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Indian Civilization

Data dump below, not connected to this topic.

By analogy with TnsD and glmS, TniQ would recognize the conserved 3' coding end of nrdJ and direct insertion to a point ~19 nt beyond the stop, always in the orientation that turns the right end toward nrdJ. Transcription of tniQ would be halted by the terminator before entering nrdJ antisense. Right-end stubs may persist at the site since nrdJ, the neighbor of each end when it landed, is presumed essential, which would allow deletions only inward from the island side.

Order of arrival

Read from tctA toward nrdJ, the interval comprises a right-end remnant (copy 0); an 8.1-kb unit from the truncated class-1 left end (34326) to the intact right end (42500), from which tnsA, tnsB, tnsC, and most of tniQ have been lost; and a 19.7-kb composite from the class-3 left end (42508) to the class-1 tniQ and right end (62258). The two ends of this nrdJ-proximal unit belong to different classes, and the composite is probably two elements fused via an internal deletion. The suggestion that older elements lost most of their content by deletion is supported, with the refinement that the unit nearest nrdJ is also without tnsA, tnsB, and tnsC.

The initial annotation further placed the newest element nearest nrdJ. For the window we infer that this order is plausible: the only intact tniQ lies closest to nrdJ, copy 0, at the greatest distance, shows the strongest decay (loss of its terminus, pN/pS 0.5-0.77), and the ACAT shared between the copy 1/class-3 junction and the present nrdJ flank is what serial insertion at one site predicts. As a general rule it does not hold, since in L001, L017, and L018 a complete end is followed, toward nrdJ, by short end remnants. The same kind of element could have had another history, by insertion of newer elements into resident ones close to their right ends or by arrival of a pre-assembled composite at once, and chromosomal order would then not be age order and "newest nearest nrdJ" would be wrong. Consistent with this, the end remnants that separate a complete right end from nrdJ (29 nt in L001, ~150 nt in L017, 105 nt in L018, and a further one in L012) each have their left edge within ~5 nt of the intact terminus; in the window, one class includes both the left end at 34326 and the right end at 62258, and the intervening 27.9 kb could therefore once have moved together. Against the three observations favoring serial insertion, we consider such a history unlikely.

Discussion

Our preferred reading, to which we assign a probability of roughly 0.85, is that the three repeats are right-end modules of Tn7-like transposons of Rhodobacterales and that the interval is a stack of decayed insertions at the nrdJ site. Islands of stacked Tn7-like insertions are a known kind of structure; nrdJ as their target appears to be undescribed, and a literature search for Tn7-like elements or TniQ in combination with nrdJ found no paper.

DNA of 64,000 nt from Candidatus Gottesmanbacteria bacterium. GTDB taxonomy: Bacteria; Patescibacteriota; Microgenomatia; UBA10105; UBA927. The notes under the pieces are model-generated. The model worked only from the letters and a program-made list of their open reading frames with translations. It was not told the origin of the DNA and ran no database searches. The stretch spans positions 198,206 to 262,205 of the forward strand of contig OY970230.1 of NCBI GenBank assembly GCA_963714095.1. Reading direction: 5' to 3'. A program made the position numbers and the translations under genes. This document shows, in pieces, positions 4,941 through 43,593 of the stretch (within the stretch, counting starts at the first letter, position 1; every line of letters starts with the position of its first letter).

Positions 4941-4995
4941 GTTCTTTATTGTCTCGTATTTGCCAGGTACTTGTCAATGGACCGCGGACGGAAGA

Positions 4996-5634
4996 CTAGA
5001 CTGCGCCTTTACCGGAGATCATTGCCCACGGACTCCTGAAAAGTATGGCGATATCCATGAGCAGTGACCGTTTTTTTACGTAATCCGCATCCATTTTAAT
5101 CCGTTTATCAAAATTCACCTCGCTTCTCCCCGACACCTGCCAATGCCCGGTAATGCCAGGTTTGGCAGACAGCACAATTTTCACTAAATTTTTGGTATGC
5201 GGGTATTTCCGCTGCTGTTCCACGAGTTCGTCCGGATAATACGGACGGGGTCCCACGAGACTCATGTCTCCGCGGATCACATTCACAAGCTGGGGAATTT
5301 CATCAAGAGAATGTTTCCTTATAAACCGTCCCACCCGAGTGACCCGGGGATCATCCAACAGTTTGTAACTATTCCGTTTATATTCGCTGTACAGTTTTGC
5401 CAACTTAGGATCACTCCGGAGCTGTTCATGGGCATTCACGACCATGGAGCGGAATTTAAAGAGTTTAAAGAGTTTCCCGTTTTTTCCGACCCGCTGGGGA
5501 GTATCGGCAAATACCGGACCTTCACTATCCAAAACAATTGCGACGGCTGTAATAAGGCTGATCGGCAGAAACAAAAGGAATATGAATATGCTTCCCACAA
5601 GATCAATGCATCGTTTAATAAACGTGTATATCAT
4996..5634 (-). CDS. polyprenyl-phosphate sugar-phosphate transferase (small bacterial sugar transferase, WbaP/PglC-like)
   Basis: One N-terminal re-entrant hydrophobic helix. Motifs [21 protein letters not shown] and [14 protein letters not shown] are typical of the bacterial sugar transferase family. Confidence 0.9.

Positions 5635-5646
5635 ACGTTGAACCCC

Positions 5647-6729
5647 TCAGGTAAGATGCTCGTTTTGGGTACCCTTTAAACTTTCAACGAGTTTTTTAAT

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The concepts “custom”, "usage", "mores"," judgment”, "social bond", "sacrifice”, "direction" and "retribution” help to understand the essence of Indian Civilization’s entity and life. It is worth defining the frames of Indian Civilization located on Indian Subcontinent, which fits the frames of the Indus Valley Civilization and is dated from c.3300 to 1300 B.C.E. First of all, it is necessary to realize that the society’s rules, norms and traditions come from religion and philosophy that have not separated from mythological worldview of a Bronze Age. The Indus Valley Civilization or Harappan Civilization was one of the first civilizations that developed own culture, rule and urban city planning (Wright 115). Though specific characteristics of Indian Civilization depend on certain period of its culture, it is necessary to mention that social life of that society corresponded to its metaphysical entity, formed by mythological and later religious thinking and worldview. As the representatives of Indian Civilization considered themselves a part of divine and harmonious world, society and nature were the same spheres for them. In case society is defined as the formation that is opposed to nature, it is possible to discuss western societies rather than Indian. Though there was no society as a group of people that consciously considered themselves solitary from natural and supernatural words, the society may be discussed as hierarchic formation with developed relations and a system of norms. In the beginning of its existence, Indian Civilization was ruled by customs, usages and retribution that estimated the characteristics of social and cultural life. Instead of fixed law norms and rules, the mores and religious beliefs of ancient Indians played a key role in organizing both people’s spiritual and daily lives.